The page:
Colectomy is a procedure to remove part or all of the large intestine, or colon. If inflammation has damaged the rectum, a surgeon may remove it as well, a procedure called proctocolectomy. Both procedures are performed using general anesthesia.
Doctors may recommend colectomy for people with Crohn’s disease or ulcerative colitis. They decide if colectomy is appropriate based on the results of diagnostic tests and whether the disease has progressed despite medication.
Colectomy is most often recommended for people with ulcerative colitis who have excessive bleeding in the intestine or rectum and do not respond to medical treatment. Because ulcerative colitis is limited to the colon, doctors consider colectomy a cure for the disease.
For those with Crohn’s disease, doctors may recommend colectomy if ulcers, infection, or strictures in the large intestine don’t respond to medication. Colectomy may relieve symptoms of Crohn’s disease for months or years, but it is not considered a cure because the disease may affect any part of the gastrointestinal tract.
What to Expect During Surgery
A surgeon may perform a colectomy using a minimally invasive laparoscopic technique, in which he or she makes several small incisions in the abdomen. The surgeon then inserts a laparoscope—a thin, flexible instrument with a light and camera on the end—through one of the incisions. The camera sends live images to a nearby monitor, giving the doctor a clear view of the interior of the abdomen.
If a surgeon requires more direct visualization of the colon, he or she makes a longer incision in the abdomen to reach the colon directly. This is called an open technique.
In either approach, the surgeon removes the diseased part of the colon. If some of the colon is healthy, the surgeon performs a partial colectomy and removes only the diseased part of the colon. If IBD has progressed throughout the entire colon, he or she may perform a total colectomy. If the colon and rectum are damaged, both are removed. Most people still have a functioning digestive system after surgery.
Pouch Surgery and Ileostomy
If the colon and rectum have been removed, the surgeon may need to perform an additional procedure to help the body process waste. For people with ulcerative colitis, this procedure is called an ileal pouch anal anastomosis. For those with Crohn’s disease, a surgeon may perform an ileostomy.
To perform an ileal pouch anal anastomosis, also called “pouch surgery,” a surgeon uses part of the small intestine to construct an internal pouch that remains permanently within the abdomen. This pouch mimics the function of the rectum by providing a place for waste to collect and allows people to pass waste through the anus. This procedure avoids the need for a permanent ileostomy.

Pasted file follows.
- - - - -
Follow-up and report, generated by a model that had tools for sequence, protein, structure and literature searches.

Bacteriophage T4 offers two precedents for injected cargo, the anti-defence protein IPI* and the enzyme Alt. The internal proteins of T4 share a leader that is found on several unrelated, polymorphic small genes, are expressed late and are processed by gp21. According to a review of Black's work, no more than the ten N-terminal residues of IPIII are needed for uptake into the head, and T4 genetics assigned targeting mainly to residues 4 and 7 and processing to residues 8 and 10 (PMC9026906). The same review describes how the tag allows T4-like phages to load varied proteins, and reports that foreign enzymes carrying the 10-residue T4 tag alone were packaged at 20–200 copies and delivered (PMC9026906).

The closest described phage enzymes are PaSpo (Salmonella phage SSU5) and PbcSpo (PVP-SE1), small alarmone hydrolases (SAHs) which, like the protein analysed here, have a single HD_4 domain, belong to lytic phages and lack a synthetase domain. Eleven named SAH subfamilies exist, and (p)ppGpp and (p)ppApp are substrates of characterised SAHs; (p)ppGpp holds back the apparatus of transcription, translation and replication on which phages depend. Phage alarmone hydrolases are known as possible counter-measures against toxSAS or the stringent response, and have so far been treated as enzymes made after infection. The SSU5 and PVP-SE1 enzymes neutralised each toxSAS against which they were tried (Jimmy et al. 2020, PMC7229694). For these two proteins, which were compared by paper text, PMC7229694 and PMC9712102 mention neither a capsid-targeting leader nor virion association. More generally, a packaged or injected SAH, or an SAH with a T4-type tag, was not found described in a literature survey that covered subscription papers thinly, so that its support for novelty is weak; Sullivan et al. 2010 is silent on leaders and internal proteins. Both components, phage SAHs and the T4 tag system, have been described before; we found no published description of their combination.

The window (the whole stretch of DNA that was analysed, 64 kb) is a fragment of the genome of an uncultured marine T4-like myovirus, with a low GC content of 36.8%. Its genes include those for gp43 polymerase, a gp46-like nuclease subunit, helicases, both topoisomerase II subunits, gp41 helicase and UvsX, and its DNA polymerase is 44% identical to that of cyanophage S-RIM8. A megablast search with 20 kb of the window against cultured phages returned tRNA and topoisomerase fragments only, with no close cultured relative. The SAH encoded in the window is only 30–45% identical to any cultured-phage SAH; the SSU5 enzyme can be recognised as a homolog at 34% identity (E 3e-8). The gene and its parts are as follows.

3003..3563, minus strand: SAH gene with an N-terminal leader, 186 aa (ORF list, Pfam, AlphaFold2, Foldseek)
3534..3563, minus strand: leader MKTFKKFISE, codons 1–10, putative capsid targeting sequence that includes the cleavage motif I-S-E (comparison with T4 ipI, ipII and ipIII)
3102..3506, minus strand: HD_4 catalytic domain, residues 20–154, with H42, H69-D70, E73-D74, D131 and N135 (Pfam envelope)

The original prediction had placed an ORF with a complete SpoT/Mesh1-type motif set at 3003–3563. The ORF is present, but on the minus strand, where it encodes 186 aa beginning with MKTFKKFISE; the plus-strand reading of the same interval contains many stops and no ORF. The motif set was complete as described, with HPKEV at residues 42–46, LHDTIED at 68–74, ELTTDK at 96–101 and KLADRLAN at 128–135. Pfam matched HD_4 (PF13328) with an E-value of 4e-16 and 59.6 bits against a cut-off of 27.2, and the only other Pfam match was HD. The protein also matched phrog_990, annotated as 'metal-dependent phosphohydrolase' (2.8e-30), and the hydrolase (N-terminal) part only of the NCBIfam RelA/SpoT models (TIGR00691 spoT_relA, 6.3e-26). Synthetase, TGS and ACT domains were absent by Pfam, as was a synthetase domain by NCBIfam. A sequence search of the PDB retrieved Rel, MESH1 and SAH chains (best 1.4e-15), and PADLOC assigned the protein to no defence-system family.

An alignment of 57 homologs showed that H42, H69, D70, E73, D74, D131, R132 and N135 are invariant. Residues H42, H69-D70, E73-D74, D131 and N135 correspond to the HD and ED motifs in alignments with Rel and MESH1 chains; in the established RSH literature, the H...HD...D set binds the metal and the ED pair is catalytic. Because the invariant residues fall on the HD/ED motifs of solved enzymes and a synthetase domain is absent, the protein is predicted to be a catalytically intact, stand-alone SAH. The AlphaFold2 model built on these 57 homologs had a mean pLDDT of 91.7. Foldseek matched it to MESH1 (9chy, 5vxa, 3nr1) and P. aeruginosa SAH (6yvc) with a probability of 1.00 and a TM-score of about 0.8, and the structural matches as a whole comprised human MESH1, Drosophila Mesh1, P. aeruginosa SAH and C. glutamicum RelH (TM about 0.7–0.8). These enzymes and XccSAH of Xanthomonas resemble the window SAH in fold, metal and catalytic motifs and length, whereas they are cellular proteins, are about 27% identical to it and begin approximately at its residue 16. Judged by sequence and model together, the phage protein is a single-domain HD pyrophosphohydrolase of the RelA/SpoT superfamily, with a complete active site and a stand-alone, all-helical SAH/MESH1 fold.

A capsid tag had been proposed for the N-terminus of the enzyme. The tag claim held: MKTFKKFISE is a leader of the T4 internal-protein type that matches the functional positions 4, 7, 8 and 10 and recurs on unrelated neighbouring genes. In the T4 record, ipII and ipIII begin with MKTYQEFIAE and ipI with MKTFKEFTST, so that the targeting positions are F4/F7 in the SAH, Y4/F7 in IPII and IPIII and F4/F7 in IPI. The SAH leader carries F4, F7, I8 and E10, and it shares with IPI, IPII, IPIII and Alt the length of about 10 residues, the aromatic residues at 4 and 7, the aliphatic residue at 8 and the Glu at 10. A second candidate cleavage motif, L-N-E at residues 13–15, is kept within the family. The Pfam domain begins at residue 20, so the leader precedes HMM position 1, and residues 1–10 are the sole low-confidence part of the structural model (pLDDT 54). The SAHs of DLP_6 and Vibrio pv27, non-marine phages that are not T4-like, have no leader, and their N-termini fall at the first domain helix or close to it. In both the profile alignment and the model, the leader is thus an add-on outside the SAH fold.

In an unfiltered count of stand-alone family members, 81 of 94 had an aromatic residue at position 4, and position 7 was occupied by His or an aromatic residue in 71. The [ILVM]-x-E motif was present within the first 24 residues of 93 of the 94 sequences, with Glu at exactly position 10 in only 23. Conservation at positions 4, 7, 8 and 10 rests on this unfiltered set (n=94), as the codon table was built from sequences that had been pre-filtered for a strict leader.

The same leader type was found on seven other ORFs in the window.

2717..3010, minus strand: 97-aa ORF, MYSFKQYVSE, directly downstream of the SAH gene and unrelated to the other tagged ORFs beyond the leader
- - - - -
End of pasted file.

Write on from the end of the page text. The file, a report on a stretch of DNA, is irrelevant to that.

Because Crohn’s disease affects the small intestine, an ileal pouch would be vulnerable to becoming infected or diseased. Surgeons perform an ileostomy instead. In this procedure, the surgeon creates an opening in your abdomen, called a stoma. The end of the small intestine, called the ileum, is attached to the stoma. This allows stool to exit your intestine through the opening.
Waste collects in an external pouch called an ostomy bag that is worn around the waist. An ileostomy may be temporary or permanent. A doctor determines the next steps based on the results of the surgery, your age, and your overall health.
A temporary ileostomy allows the intestine to rest and heal. When your intestine has healed fully, a surgeon may perform another operation to rejoin the ends of the intestine. In some instances, he or she may be able to create an internal pouch to collect and store stool, mimicking the function of the rectum and restoring the ability to pass waste through the anus.
Doctors determine whether this is possible based on a number of factors, including how much of the colon was removed, how far the disease has progressed in other areas of the gastrointestinal tract, and your overall health.
What to Expect After Surgery
Immediately after surgery, NYU Langone pain management specialists and ostomy nurses help you control postoperative pain and adjust to the ostomy bag. You should expect to remain in the hospital for two to five days for observation while you begin to heal.
While you are in the hospital, our ostomy team provides support and answers any questions you have about living with an ostomy bag. Most people can easily conceal the bag beneath their clothing.
For those with a temporary ileostomy, the second surgery typically occurs two or more months later. During this time, doctors schedule follow-up appointments every one or two weeks to monitor the intestine as it heals.